He then detailed how the flight commander was heard to tap on the door to demand for it to be opened and that several calls were made by the Captain to the co-pilot for access to the cockpit in which the Captain identified himself – but there was no response from the cockpit or co-pilot.  However, the co-pilots breathing was clearly audible and the inputs required to keep the plane on it’s continuing decent meant that the co-pilot was not incapacitated and was indeed manipulating the plane.

Prosecutor Robin added: “The control tower at Marseille, receiving no response from the aircraft, asked for a distress code, and the activation of the transponder for a forced landing. There was no response. Air traffic control asked other aircraft in the area for a radio relay to try to contact the Airbus. No response came.

Germanwings A320 Plane Crash, France - 24 Mar 2015

In further revelations about the last moments of the plane it was stated “Alarms went off signalling the aircraft’s proximity to the ground, and we heard the sound of violent blows as if someone is trying to force the door. Just before the final impact we hear the sound of an impact on the [rock] embankment. There was no distress signal, no ‘mayday, mayday, mayday’ received by air traffic control….I don’t think the passengers realised what was happening until the last moments because on the recording we can only hear cries in the final seconds.”

The fact this disaster has been caused by deliberate human action is probably the worst outcome of any possible reason.  One man’s decision has lead to such grief, anguish and hurt.  He may not be missed – but it is to the families of the dead who are sorely missed – that we have to give our thoughts to and feelings.  As I watch the news coverage – the focus has shifted from that of the victims to that of the killer.  Maybe we all have lessons to learn.

And, out of all possible circumstances that could bring a plane down – wasn’t this always a likely scenario?

Here is a video that details the workings of the cockpit door – which appears to be the barrier to the Captain being able to try and intervene forcing a different possible outcome.

ukip are MAD, but not as dangerous as the killers we keep!


How is this possible?

The current coalition Government and their opposition numbers in the Labour party denounce UKip for the “racist” and the “dangerous” language they use when speaking on matters of immigration.  I wouldn’t wish to take this valid point away.

However, how well does our Government’s record stand up to scrutiny when it comes to the immigration status of the truly undesirables in the UK?

The UK political elite state that UKip’s protestations, that there are too many ‘immigrants’ in the UK, is nothing short of dangerous racism, yet at the same time – have allowed our courts to give ‘leave to remain’ to some of the worst murders and war criminals at large from around the world.

They seem not as affronted when a foreign killer of a few or many – wins the right to stay in Britain indefinitely – after claiming his human rights would be breached if he was deported.

Or when a mass murderer is allowed to roam our streets freely because to send him back to the country that seeks him – to answer for his crimes- may use capital punishment and to that end – we will not go.

I do not agree with capital punishment – but I agree even less with a murderer or someone connected with genocide escaping to our country and using our laws to hide the justice that seeks them.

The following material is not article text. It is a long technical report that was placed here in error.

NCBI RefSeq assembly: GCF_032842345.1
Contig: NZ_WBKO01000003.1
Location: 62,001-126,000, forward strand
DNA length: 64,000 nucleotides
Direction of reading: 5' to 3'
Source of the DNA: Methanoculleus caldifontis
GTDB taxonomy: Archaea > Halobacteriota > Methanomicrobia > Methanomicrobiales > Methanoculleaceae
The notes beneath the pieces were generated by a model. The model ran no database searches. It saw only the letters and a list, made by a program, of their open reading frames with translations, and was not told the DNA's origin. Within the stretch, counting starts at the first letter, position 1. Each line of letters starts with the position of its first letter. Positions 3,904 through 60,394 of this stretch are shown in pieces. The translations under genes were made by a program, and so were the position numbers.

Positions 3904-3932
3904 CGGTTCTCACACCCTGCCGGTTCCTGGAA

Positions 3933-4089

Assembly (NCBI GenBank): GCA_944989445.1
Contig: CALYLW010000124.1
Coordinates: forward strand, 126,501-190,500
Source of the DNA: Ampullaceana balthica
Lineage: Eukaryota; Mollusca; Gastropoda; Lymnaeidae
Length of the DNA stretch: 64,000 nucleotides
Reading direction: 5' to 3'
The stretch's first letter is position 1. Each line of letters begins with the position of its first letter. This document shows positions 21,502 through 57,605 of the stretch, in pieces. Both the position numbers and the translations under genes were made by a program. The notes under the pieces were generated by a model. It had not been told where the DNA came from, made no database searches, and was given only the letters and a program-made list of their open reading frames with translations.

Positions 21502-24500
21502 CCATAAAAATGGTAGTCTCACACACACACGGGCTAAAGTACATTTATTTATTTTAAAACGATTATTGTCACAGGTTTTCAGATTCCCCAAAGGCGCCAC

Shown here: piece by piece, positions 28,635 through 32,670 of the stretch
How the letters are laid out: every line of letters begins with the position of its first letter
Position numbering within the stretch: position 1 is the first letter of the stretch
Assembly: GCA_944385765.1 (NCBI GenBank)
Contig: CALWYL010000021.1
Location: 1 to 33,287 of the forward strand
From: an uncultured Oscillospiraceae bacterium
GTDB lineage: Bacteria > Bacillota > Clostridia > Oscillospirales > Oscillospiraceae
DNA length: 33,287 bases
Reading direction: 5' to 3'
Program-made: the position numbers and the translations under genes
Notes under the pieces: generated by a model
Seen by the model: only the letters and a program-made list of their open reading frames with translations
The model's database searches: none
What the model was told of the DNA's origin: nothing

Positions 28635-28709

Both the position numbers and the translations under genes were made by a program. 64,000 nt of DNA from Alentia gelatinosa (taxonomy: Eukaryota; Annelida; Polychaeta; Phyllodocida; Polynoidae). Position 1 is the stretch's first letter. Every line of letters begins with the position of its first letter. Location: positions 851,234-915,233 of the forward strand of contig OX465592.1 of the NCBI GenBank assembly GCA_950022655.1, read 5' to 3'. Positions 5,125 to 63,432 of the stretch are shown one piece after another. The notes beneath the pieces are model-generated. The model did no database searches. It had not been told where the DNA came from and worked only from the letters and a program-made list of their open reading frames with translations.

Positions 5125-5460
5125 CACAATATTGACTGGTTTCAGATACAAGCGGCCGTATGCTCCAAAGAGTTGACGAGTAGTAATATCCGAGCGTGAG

I cannot comprehend what it must be like to know that the person who killed your family member (or family) is being protected by another country- that defends them that slaughtered your loved ones the “right to family life”?

Yet we have it here in the UK.

The test for our politicians is not just to point at UKip – accuse them of being racist and hope the problem will go away – but to look at the reality of modern day Britain and ask…

Who would you rather stayed in our country?

  • A mass murderer
  • A student whose visa has expired

Currently – if you are on a student visa which expires – we’ll grab you by the collar and throw you out on your ear and our courts won’t lift a finger to help! However, let us say you are a mass murderer…well, errrm… “Welcome To The United Kingdom”.

Here are just a few examples…


Foreign war criminals ‘able to stay in UK’ 

Immigration judges block foreign killer’s deportation on ‘human rights’ grounds

IRA terror suspects told they would not face prosecution in ‘comfort letters’

Killers on our streets: 207 war crime suspects living in Britain including five ‘Nazis’

Britain home to nearly 400 war crimes suspects

100 war criminals apply for UK asylum in a year


Yet it takes years for us to deport known extremists and the only way we seem to get any kind of conviction is in a foreign court!


Abu Hamza found guilty of terror charges in US court

Britain finally deports Abu Qatada


And if they are not mass murders – just ordinary people – they have even more of a struggle…


Nigerian Lesbian Posts Video Plea For Asylum, Facing Death or Prison if Deported

19-year-old Mauritian student Yashika Bageerathi deported

UK decides to deport Indian girl’s entire family back to Mauritius despite protest

Community shocked as Sajid family is deported

Derry man Ciarán Ó Dochartaigh tells of wife deportation fear


Others just have to fight….


FORMER British Army soldier Isimeli Baleiwai fights to stay in the UK

Najibullah Hashimi seeks help raising cash to fight deportation

Convicted boat race protester Trenton Oldfield fights deportation from UK after visa denied

Thankfully they won…but only after a BIG fuss….

Soldier given leave to remain in UK

Teenager ‘over the moon’ after winning deportation battle to Afghanistan

Boat Race protester Trenton Oldfield wins deportation case

I guess the question is – what are human rights in the 21st Century and does that apply to those who seek to evade justice?